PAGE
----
Administration Caught Lying About OPM Hack Again, May be 4x Larger Than Reported

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AP Photo/Damian Dovarganes

In today’s “OMG THE OPM HACK GETS EVEN WORSE!” update, we learn that the Obama Administration knew the data breach was far worse than originally reported. As is customary, they lied about it to keep the initial news cycle under control.

The 4.2 million affected federal employees admitted by the Office of Personnel Management was headline news, but it was ultimately possible to distract the public from it.

What if we’d known from Day One that the real number is more like 18 million current, former, and prospective federal employees, as CNN reported on Monday night? Just the other day, Administration flacks were whining that the 14 million worst-case number floated by some security analysts was exaggerated; now it looks like that was a lowball estimate.

And what if even that number had been reported with the advisory that it was likely to grow?

FBI Director James Comey gave the 18 million estimate in a closed-door briefing to Senators in recent weeks, using the OPM’s own internal data, according to U.S. officials briefed on the matter. Those affected could include people who applied for government jobs, but never actually ended up working for the government.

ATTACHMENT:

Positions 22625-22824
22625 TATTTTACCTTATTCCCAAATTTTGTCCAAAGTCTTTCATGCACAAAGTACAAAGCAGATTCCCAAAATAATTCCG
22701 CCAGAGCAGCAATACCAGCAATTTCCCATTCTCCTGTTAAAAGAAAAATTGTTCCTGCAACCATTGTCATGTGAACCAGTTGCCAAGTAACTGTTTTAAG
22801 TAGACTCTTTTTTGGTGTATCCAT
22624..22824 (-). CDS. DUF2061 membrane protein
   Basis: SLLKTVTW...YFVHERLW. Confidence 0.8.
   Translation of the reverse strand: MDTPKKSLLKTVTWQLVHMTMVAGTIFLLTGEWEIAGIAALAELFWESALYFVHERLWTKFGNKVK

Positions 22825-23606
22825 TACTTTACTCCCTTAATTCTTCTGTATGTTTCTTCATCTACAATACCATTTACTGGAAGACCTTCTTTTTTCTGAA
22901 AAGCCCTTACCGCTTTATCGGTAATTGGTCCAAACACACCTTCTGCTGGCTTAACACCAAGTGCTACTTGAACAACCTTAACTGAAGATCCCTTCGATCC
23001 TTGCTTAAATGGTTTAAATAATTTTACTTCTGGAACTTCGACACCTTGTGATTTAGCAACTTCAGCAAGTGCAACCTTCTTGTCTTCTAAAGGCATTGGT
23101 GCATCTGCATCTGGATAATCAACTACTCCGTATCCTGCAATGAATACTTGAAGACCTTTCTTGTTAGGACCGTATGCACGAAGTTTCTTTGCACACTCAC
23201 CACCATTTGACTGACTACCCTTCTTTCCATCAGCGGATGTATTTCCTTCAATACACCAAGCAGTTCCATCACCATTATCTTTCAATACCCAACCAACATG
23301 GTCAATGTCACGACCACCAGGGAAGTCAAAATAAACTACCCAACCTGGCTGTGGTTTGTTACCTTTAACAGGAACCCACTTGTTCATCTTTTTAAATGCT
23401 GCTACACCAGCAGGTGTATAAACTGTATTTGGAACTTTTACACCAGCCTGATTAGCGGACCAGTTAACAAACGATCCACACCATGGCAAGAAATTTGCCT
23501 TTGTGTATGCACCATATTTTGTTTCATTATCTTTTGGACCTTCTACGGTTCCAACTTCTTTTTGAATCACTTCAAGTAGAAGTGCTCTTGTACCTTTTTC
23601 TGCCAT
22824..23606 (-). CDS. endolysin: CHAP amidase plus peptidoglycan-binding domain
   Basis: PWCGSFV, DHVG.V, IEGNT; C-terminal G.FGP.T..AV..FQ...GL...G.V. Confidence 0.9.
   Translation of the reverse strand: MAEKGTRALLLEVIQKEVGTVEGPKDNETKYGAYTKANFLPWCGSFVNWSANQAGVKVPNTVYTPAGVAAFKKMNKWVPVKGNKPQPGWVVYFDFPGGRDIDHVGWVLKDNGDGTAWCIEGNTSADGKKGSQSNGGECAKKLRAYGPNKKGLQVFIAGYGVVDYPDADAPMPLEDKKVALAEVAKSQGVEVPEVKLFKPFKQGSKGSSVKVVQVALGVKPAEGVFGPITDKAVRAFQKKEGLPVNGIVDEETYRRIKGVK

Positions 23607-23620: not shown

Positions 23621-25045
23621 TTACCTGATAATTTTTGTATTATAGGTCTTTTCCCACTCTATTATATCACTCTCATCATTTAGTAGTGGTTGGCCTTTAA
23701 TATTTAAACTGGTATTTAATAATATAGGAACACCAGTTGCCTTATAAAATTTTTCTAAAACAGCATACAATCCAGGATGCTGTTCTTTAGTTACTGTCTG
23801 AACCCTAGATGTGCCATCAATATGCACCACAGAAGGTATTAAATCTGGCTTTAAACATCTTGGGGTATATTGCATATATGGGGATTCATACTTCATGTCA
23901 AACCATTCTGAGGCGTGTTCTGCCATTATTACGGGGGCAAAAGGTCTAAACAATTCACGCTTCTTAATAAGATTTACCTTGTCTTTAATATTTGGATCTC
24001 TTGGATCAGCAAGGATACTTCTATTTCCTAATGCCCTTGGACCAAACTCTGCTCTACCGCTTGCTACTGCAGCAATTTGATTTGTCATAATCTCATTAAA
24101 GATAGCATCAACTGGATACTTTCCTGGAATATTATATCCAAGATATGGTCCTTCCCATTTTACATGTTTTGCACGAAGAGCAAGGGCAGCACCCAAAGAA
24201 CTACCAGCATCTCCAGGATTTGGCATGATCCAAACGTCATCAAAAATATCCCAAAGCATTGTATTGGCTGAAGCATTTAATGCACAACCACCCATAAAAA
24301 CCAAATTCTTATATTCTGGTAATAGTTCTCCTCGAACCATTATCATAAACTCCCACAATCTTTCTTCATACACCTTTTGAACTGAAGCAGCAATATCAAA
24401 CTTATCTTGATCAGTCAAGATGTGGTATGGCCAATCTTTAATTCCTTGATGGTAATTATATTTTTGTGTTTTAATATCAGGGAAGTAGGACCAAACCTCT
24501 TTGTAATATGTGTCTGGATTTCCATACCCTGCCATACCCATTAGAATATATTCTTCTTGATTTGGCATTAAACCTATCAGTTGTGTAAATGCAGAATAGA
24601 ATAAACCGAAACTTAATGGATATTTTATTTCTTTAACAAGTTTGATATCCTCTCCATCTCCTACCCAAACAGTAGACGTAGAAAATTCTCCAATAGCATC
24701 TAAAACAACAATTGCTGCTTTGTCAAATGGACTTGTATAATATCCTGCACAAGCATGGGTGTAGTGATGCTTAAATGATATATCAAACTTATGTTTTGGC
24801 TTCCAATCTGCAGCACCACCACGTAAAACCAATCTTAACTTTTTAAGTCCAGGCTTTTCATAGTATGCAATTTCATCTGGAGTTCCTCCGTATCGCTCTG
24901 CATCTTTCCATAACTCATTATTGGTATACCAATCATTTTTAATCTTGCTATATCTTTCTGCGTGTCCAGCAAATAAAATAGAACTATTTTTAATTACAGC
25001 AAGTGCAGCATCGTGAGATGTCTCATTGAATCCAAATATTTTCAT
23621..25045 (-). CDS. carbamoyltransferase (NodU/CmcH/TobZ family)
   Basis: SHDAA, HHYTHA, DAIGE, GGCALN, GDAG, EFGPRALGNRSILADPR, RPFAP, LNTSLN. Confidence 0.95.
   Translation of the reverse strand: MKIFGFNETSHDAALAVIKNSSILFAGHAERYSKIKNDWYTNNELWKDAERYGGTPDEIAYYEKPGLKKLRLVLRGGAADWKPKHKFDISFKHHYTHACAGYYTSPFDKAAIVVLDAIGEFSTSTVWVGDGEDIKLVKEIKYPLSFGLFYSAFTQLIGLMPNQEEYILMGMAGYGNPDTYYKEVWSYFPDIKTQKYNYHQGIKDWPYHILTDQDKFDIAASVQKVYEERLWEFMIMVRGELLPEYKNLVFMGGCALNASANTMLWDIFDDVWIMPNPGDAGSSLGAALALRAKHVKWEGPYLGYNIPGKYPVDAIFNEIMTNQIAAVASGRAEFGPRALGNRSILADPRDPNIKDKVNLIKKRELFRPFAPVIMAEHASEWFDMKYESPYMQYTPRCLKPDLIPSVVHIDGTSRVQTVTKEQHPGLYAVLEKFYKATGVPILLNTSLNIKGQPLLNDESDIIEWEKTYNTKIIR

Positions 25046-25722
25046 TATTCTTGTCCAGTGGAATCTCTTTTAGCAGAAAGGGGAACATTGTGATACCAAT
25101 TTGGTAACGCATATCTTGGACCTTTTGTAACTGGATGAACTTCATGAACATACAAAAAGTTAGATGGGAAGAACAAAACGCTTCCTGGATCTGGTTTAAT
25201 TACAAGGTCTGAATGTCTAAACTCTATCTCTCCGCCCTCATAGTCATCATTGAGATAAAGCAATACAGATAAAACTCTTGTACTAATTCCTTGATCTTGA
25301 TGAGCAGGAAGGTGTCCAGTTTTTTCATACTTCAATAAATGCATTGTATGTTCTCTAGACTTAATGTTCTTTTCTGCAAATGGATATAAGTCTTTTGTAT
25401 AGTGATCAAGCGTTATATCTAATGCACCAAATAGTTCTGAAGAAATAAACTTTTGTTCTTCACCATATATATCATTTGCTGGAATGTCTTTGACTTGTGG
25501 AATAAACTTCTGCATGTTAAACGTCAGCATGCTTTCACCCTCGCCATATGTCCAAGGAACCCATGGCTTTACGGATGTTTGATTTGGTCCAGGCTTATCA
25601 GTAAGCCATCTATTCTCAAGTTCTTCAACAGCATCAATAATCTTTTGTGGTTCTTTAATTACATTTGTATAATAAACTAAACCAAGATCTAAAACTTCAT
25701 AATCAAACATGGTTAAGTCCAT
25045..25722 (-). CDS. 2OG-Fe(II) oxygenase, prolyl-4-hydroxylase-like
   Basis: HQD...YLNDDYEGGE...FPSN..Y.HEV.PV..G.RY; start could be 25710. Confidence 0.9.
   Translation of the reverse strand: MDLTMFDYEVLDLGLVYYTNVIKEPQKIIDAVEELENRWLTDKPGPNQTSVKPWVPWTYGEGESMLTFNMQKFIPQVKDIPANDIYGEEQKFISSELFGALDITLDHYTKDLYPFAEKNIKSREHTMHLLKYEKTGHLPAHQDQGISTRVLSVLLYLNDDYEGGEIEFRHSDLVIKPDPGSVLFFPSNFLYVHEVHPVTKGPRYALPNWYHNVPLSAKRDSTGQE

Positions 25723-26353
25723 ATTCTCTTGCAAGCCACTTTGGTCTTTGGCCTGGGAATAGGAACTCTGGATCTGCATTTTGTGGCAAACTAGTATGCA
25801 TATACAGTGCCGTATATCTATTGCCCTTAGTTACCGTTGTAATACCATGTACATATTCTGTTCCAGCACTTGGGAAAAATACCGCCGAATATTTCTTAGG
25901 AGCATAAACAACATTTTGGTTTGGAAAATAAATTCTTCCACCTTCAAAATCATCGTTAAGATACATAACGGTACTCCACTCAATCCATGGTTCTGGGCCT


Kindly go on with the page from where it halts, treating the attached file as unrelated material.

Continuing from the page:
A closed-door briefing for Senators, but the people whose lives could actually be destroyed by these hackers are left to twist in the wind for additional weeks of precious time. CNN notes that, to date, only the 4.2 million targets officially acknowledged by OPM have been notified their identities are at risk. America has suffered an act of war, but this White House remains more interested in keeping it quiet than dealing with it.

Some details of such an attack must be kept confidential to aid in the investigation, but it’s hard to see how keeping the scope of the breach under wraps for a few extra weeks served any security interest worth leaving the victims vulnerable to identity theft. It served useful spin purposes, however, and now it’s time for “U.S. officials” to leak the truth to CNN.

As for the investigation into the hackers’ methods, it sounds like a classic Obama-era clown show, with different agencies trying to cover their posteriors by offering conflicting theories of how the hack was accomplished: